Isco-Optic Ultra-Star HD 90mm f/2 MC
If you just want to see some photographs, just skip straight to the examples section!
This beautiful golden beast of a lens is a German-made Isco-Optic Ultra-Star HD 90mm f/2 MC from a commercial 35mm cinema projector such as you would have found in cinemas in towns and cities across Europe in the 1980s. And it is capable of gorgeous results, with some caveats which I will discuss later. But one thing is for sure, with this thing on the front of your camera no-one is going to acuse you of discretion!!
Lenses like this can be very expensive… you often see them being advertised for several hundred pounds on eBay, not least because they sometimes have a large imaging circle that makes them suitable for adaption to medium format digital cameras. But with patience (and some luck) you can find them for reasonable money… I paid about £70 for this example.
Here is a complete list of everything I used to adapt this lens.
A focusing helicoid designed to mount an M58 screw mount lens on an M58 screw mount camera with a extension range of 36-90mm.
Look on Amazon or eBay.
M42 to M58 step-up ring
Look on Amazon or eBay. My M42-M58 step-up ring is now permanently stuck to my M58 focussing helicoid, which is why they are pictured together here!
Standard M42 to Sony E adapter.
Look on Amazon or eBay for these adapters.
Ordinary masking tape.
Pretty much any sticky tape you have lying around will do, but I would recommend Scotch 3M 101E masking tape available on Amazon. It has a very slightly spongy texture and a rough texture which will help the lens fit snugly in the focusing helicoid. Plus it can easily be removed should you need to.
This lens proved fairly easy to adapt, despite it's size. Because of it's stepped barrel no clamps were needed. I simply wound enough masking tape around the lens to ensure a tight fit in the M58 focussing helicoid, as illustrated here. I was able to get a tight enough fit to not require the use of Black Tack to fix the lens in place. I then just pushed the lens into the lens end of the helicoid and screwed the M42 to Sony E adapter onto the camera end of the helicoid, et voila, the lens was complete!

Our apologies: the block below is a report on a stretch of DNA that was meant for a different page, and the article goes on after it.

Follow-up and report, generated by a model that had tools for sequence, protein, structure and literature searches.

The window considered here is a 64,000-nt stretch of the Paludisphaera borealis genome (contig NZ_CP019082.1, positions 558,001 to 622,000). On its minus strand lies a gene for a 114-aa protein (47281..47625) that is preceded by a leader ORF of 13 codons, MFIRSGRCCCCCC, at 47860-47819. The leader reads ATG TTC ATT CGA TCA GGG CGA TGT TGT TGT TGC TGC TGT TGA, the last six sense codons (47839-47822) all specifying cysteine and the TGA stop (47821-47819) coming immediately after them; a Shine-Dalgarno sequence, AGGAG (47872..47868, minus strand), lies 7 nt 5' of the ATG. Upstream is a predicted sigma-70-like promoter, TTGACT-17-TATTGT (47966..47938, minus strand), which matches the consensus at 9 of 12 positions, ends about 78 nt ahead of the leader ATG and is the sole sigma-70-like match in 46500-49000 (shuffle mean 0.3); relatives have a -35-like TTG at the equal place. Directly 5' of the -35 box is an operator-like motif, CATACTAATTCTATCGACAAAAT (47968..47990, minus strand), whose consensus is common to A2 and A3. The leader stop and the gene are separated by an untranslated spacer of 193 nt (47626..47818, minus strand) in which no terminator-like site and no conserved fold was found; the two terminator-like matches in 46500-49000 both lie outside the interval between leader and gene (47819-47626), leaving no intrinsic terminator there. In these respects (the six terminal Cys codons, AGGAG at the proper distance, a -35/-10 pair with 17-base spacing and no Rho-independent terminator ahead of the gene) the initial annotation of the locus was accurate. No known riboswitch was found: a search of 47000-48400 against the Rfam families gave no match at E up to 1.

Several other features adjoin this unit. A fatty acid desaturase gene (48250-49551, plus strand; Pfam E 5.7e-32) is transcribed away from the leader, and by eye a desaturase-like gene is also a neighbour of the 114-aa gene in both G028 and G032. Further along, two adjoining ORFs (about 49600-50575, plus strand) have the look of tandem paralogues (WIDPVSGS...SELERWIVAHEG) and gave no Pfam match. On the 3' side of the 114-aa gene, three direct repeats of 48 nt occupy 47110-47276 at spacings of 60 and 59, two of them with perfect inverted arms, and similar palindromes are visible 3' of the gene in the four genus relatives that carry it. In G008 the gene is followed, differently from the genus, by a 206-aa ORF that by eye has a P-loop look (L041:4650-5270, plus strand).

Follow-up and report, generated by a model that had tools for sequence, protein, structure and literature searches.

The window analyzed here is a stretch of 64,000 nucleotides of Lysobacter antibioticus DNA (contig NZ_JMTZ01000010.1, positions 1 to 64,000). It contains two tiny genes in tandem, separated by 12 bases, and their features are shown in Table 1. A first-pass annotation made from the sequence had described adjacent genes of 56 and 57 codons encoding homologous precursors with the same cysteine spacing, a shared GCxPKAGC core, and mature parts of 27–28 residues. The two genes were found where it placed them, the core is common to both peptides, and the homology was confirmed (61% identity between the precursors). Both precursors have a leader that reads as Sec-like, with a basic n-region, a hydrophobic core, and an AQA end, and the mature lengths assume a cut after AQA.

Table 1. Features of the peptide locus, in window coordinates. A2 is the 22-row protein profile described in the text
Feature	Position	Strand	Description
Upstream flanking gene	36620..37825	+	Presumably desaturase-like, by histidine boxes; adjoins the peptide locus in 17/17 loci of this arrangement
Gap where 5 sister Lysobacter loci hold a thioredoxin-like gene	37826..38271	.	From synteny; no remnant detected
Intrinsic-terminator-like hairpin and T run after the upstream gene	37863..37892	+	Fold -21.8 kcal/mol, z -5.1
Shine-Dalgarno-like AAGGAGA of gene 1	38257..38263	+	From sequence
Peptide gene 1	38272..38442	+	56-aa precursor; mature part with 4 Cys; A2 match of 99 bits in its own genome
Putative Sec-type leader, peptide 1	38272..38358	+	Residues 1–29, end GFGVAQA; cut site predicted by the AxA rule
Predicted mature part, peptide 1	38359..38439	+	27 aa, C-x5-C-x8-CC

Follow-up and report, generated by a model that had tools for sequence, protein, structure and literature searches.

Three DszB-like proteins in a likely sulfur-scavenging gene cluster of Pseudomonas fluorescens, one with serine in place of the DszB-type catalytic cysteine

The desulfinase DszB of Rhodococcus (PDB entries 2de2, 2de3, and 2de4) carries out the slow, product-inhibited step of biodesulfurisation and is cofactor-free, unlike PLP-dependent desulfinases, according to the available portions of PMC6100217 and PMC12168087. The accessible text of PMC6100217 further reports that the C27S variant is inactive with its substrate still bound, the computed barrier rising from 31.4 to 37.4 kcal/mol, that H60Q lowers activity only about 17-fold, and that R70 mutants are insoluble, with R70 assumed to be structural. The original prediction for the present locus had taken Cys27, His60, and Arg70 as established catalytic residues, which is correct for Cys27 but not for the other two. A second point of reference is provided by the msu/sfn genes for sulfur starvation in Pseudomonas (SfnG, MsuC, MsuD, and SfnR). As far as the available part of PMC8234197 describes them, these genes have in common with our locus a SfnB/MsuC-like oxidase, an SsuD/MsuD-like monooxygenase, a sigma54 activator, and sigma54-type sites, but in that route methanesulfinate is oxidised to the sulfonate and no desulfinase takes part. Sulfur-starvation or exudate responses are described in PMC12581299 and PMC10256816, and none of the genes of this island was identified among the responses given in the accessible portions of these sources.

Notes on using your adapted projector lens
Using my M58 to M58 36-90mm focussing helicoid this lens is able to focus all the way from infinity down to a half-life size reproduction ratio with ease. The results were beautifully sharp at the point of focus, quickly fading away to beautiful creamy smooth bokeh, regardless of the focussing distance. This makes this lens my best projector lens yet for gorgeous ultra-shallow depth-of-field close-ups.
Unlike projector lenses from 35mm slide projectors, this lens has a filter thread, a standard 67mm filter thread to be precise. I think this filter thread is really for an anamorphic attachement, but it worked fine with the one and only 67mm photographic filter I possess!
But despite how much I loved the results from this lens, there is a gotcha: Chromatic aberrations! In particular longitudinal chromatic aberrations or LoCA (or focus blur aberrations) which can be rather difficult to correct using the tools in Adobe Lightroom. Here is an example:
The LoCA isn't too obvious at first, but once you've seen it, you just can't un-see it!
LoCA can be improved, but often not completely removed, using Adobe Lightroom's built in tools. But even when you can't remove the LoCA, as was the case here, you can often salvage a usable image just be cropping out the LoCA.
It's also worth noting that there is some vignetting when this lens is used on a full-frame 35mm camera. It's mild and easily dealt with in Adobe Lightroom, but it does make me wonder if this lens would really make a good candidate for use on a medium format camera. If anyone would like to donate a Fujifilm GFX 100S for research purposes I would be happy to accept and report back .
This first set of 8 images were all shot at home using a cheap bunch of super market flowers. They were processed in Adobe Lightroom with a variety of colour treatments mainly using different colour profiles in the 'basic' tool panel.
This next set of 4 images were again processed in Adobe Lightroom, but this time they were shot 'in the field'.
This final set of 4 images were processed in Nik Silver Efex Pro 2 and give an idea of the results possible with this lens at more distant focussing distances.